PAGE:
International and local human rights leaders will discuss their concerns for workers in the garment industry -- from cotton seed fields to textile factories and clothing distributors -- during a day-long symposium Saturday at Washington University.
St. Louis-based Monsanto is an underwriter of the event. The company has faced criticism of its own outsourcing practices in seed-production fields.
In 2005, according to metrics provided by the company, ten percent of field workers in India who produced hybrid cotton seeds for Monsanto were under the age of 14.
St. Louis and St. Louis County will be able to increase efforts to reduce the number of children in the region exposed to lead, thanks to grants donated Wednesday by the U.S. Department of Housing and Urban Development.
The city and county both received 2.5 million dollars from HUD, although $100,000 of the county’s grant is ear-marked for a separate initiative.
According to St. Louis Mayor Francis Slay, the city’s grant will be primarily used to preemptively make 180 rental units safe from lead.
The Missouri Coalition for the Environment is one of several groups filing suit against the U.S. Nuclear Regulatory Commission to try to get the agency to address the long-term storage of nuclear waste.
The National Park Service will start removing 1,200 trees on the Gateway Arch grounds in earnest on Monday.
The removal is part of a years-long project by CityArchRiver to renovate the popular tourist attraction, and it could start as early as Friday, according to the group's communications director Ryan McClure. He said the first few trees are coming down Friday to move in construction equipment.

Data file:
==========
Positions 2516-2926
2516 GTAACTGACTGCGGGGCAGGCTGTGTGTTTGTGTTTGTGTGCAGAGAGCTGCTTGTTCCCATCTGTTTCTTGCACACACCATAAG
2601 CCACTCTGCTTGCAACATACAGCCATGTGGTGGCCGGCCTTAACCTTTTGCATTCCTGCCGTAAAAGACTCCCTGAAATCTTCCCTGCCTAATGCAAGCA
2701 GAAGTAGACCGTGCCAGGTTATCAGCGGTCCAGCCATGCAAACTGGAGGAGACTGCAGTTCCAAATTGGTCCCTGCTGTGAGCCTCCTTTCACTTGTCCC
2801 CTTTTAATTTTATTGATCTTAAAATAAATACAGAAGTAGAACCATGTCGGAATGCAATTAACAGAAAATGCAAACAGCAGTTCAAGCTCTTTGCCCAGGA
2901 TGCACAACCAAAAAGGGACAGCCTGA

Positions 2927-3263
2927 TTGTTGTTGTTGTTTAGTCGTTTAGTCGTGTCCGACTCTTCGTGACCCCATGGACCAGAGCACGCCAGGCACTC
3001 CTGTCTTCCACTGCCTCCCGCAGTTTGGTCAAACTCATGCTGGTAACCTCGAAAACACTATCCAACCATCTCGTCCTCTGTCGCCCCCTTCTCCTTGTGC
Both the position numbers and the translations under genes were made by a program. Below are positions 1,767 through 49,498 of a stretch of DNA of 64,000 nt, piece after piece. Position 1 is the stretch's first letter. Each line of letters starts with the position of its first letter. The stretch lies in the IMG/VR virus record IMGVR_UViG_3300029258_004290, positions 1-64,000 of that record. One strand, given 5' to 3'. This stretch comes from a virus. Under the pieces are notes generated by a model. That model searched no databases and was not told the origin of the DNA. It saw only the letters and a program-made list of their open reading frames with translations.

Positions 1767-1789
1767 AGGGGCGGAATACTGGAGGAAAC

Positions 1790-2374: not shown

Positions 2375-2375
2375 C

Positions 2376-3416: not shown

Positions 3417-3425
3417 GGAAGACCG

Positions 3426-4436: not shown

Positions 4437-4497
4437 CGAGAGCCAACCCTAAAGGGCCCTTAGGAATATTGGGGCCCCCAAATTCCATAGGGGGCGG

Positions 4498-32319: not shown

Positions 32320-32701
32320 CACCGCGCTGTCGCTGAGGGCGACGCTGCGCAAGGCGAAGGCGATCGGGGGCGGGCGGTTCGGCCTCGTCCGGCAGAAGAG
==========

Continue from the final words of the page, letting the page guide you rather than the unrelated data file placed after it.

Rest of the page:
The Current and Jacks Fork Rivers in the Missouri Ozarks are among the most pristine in the state. The U.S. EPA has recommended that Missouri designate waters with particularly diverse or rare aquatic species as "exceptional aquatic habitat," which would provide them with a higher level of protection.
Monsanto will continue selling soybean seeds coated with pesticides that have been linked to honey bee deaths, even though the U.S. Environmental Protection Agency found the seeds do not improve yields.
The seeds in question are treated with a class of chemicals called neonicotinoids, which are chemically similar to nicotine.
It's good news for hunters, but maybe bad news for drivers: the Missouri Department of Conservation says the state will see a pretty good deer population this year.
Many parts of the state should see a "large and healthy deer herd" this season, after years of declining populations, according to the department's Jim Low. He estimates the state has more than a million deer, offering "plenty of deer hunting opportunity out there."